(Travel log to Guatemala - 1992)

Tikal floats between the past and the present in an effortless dream. Here you can walk with your eyes open and yet encounter the past and present at the same time. From the top of a tall pyramid, or from a condor's back, a sea of green can be seen extending to the furthest horizons. Remnants and reminders of a past age rise up like small sudden islands in this variegated sea of green.

Ruined temples and pyramids float above the tall tropical trees, enveloped in a sea of grey morning mist. Howler monkeys and numerous birds fill the air with their noise, marking a significant victory of nature over civilization.

Once a mighty city stood here, three and a half times the size of ancient Rome. Sprawling over 30 sq km, it was once home to over 100,000 people. Tikal now stands empty. Tree frogs and parrots now occupy it's shady thoroughfares. Clamour of merchants, customers, soldiers, citizens, slaves and sacrifices is long replaced by insect and bird songs. Hustle and bustle of a bygone era is now replaced by tourist traffic, drifting in the tropical heat from one site to another.

Once a grand city, Tikal was the centre of a mighty Mayan empire. Numerous ant colonies have conquered its once sacred squares. Their proud priests long forgotten, their great kings buried deep in their own ruins. Tikal is a living mausoleum to a culture that once flourished between 700 BC to 900 AD.

Once, accessible only to the Gods and their servants, it's lofty temples are now disturbed by inquisitive tourists and mindless monkeys. Tourists casually take photos and have picnics on it's sacred terraces. Nothing is sacred any more. Nothing is private any more. Palaces and mansions of the rich and mighty now allow all kinds of animals to trespass. Their sentinels long gone, their inner-most recesses are mere curiosities for the casual passer-by.

As grand monuments become mausoleums, their outer beauty fades with time. As ruins, they acquire a strange kind of beauty, fired by their inner grandeur. Coarse stones, smooth carvings and soft dirt. All of these combine to form the monuments of Tikal. Imperial splendour of Tikal is evident even in its decay.

As the afternoon sun beats mercilessly, people dart from shade to shade, building to building. Dappled canopy of green offers no real protection from the heat, or an occasional shot from sun's fiery gaze. People congregate around drinks stand as they must have done centuries ago. Only the names and prices of the drinks have changed.

Great vastness of Tikal only becomes apparent as one climbs on to the tallest pyramid in all Americas. It was unrivalled in height until the Capitol was built in Washington D.C.! It even manages to catch a breeze from the world beyond Tikal. If abandoned here, one could be forgiven for thinking the Earth was completely wrapped in a shawl of emerald green. No mountains, deserts, skyscrapers or chimney stacks spoil the magnificent view. As our American friends would say, "It's Awesome!!"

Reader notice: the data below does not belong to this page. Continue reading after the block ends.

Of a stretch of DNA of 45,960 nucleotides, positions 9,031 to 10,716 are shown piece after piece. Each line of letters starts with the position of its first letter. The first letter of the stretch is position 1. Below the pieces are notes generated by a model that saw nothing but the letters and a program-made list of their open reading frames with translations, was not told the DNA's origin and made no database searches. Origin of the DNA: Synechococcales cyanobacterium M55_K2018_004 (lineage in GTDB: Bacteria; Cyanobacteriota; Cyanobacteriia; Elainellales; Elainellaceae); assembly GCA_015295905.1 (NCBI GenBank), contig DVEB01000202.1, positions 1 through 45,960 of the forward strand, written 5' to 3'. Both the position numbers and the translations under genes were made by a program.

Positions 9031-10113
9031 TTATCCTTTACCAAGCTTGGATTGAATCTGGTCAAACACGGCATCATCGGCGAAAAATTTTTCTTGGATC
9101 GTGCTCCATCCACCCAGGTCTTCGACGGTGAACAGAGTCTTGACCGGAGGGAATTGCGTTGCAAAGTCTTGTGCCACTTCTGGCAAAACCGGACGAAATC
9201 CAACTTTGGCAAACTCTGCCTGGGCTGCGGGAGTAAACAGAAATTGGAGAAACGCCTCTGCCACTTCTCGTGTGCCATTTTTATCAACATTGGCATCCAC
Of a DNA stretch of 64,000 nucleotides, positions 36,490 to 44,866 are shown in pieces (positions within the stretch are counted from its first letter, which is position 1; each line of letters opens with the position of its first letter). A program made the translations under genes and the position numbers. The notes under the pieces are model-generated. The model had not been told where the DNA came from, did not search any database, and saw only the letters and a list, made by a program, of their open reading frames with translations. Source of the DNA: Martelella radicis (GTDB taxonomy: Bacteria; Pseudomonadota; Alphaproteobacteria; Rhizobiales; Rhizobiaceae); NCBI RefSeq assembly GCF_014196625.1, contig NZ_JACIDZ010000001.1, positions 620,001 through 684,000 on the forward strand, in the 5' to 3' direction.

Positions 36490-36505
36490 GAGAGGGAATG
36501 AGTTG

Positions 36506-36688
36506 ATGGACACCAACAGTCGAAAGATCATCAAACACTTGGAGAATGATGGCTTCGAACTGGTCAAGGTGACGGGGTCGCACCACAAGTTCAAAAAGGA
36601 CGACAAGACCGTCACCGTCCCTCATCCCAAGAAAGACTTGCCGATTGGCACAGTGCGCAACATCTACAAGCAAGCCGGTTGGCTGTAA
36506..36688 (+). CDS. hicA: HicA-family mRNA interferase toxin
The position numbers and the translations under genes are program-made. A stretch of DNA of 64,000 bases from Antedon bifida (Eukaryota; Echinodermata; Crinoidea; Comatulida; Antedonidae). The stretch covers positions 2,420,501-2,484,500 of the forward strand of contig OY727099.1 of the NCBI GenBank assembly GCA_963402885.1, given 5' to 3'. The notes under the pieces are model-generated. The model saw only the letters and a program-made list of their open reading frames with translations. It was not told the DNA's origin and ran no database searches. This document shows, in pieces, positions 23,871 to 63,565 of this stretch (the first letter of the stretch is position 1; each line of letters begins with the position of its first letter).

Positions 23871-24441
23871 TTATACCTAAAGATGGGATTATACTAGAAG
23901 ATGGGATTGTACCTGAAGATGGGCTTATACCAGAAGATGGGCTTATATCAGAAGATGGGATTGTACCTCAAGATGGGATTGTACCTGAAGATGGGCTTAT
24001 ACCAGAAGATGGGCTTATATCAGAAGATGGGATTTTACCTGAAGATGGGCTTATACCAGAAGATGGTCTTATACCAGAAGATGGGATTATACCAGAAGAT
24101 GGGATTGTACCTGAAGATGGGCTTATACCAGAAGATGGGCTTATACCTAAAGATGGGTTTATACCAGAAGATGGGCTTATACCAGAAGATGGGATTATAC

Temples, pyramids, palaces and terraces around the main plaza form an interesting skyline. Predating the modern skyscrapers by over a millennium, these are impressive for their sheer size and tenacity of their builders. Steepest pyramid of this group also graces the Guatemalan national currency.

Beautiful carvings, delicate paintings, sombre masks, and silent sanctuaries speak louder than their guides. They quietly teach us about the mortality of man, and immortality of his genius. Long after all else has come to pass, man's ideas and works endure the test of time that man may himself have failed.

Tikal is inherently beautiful. Beauty springs from it's very earth. Tall trees soar towards the heavens like gothic columns. Branches of ancient trees intertwine, mimicking complex pattern of Moorish arches. Enveloped in the hazy light of the tropics, filtered by myriad leaves, it is an ideal place to forget the worries of a world thousands of miles (or years?) away.

Stranded in a time warp, Tikal is also physically isolated. Nearest town is an hour's ride by car! A three - four days stay is recommended to take full advantage of it's reasonably priced accommodation and pollution free air. For those rushed for time, a fly-by visit allows you to glimpse the beauty of the main group in a day. If your visit can coincide with the full moon, don't miss seeing the ruins by moon light, there is nothing quite like it.

Tikal is a mysterious place. Beautiful by day and magical by moonlight. Soft rustle of leaves, dappled sunlight and aromatic smells of the jungle mix uneasily with presence of snakes and other wild animals. Woods of Tikal are full of unexcavated mounds, underground passages, whispers of the past and boundless beauty of nature. In it's isolated glory, it is pleasant to be charmed and spell bound by it all. Just don't disturb the dream for all our futures to come by playing Indiana Jones. Let this tropical paradise remain intact.


� Bhagwat    [email protected]


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